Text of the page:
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The French word that was translated to stud was ferret. I don't actually see any justification for translating ferret here as stud, as I will explain later.

To see what ferret means, let us look at the definition from the Larousse dictionnaire de français. This is

Petit bout (en métal, en pierre précieuse, etc.) d'une aiguillette.
Small tip (of metal, gemstone, etc.) of an aiguillette.

So what is an aiguillette? The English translation is aiguillette, but this won't help modern readers because the word has largely fallen out of use in both English and French (because aiguillettes aren't used much anymore). Larousse says that an aiguillette is

Cordon, ganse ou tresse, ferré aux deux bouts, ayant, jusqu'au règne de Louis XIV, servi à fermer ou à garnir les vêtements.
Cord or braid, tipped with metal at both ends, that until the reign of Louis XIV served to fasten or decorate clothing.

So an aguillette was a small length of cord or braid, often tipped with precious metal or gemstones at both ends, that was used to fasten clothing closed, or which was worn purely for decoration.

One can see pictures of them in English Wikipedia. This says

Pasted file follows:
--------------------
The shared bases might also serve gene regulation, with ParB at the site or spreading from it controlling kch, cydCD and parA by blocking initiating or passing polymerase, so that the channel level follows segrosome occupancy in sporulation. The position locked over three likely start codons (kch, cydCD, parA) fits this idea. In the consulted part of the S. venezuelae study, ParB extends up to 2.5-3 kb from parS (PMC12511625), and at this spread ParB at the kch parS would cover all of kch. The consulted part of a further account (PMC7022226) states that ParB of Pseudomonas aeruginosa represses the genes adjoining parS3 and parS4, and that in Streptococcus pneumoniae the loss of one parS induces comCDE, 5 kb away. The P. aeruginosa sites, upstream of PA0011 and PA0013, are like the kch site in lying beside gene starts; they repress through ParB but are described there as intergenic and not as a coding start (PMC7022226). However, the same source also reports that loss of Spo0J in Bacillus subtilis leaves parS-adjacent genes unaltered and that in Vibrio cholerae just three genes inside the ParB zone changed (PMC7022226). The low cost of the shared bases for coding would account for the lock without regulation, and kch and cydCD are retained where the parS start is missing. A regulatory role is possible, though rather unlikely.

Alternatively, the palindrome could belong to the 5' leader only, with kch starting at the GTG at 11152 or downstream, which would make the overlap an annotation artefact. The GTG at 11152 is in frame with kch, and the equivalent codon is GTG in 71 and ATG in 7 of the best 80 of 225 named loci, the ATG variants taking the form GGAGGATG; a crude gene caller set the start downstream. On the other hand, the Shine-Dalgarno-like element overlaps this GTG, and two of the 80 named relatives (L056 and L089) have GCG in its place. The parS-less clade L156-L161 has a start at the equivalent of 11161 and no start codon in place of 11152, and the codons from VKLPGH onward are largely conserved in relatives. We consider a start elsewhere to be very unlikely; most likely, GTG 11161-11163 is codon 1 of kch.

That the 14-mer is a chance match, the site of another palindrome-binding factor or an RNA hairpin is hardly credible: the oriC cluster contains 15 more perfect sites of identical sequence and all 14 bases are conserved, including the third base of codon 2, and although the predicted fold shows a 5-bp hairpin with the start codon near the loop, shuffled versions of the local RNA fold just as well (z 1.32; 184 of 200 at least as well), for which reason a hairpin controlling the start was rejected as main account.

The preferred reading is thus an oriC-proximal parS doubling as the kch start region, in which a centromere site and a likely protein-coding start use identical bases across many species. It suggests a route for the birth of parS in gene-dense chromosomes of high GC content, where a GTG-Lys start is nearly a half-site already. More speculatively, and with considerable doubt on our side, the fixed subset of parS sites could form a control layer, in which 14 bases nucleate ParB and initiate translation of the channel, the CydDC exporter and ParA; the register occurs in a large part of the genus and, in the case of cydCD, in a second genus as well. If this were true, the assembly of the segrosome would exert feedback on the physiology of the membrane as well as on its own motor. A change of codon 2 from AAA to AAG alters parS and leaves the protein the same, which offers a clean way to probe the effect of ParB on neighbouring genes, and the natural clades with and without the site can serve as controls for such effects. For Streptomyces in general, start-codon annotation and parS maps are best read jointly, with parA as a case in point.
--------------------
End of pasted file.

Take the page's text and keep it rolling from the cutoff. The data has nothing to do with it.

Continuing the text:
Portraits of the 16th and 17th centuries show that aiglets or metal tips could be functional or purely decorative, though many were used to "close" seams and slashes that are not always apparent on dark garments in portraits. They were made in matched sets, might be of silver, silver-gilt, or gold, and were worn in masses.

Here is a 1562 picture of Lord High Admiral Clinton wearing a doublet fastened by aiguillettes, from Wikipedia.

Lord High Admiral Clinton in an arming doublet of 1562

So were the diamonds on aiguillettes? If they were, stud might be a reasonable translation of ferret, because a stud is a piece of jewelry that you use to fasten two buttonholes together, and similarly an aiguillette is a piece of jewelry you use to fasten your clothing.

However, in this case, the ferrets were not on aiguillettes, although they were indeed on the ends of ribbons. A later description of the diamonds in Le Comte de Monte Cristo follows:

Tenez, lui dit-il en tirant du coffre un gros noeud de ruban bleu tout étincelant de diamants; tenez, voici ces précieux ferrets ...
“Here,” said he, drawing from the casket a large knot of blue ribbon all glittering with diamonds, “here are the precious ferrets ...

Note that the French word noeud is broader than the English word knot; a bow would also be called a noeud.

So the diamonds are in a large decoration made of blue ribbon. We also find that this was meant to be worn on a shoulder. This decoration must then be made of six blue ribbons knotted or woven together somehow, and the diamonds are on pieces of jewelry which are affixed to the twelve ends of these six ribbons. They may be intended to dangle around the shoulder like epaulettes.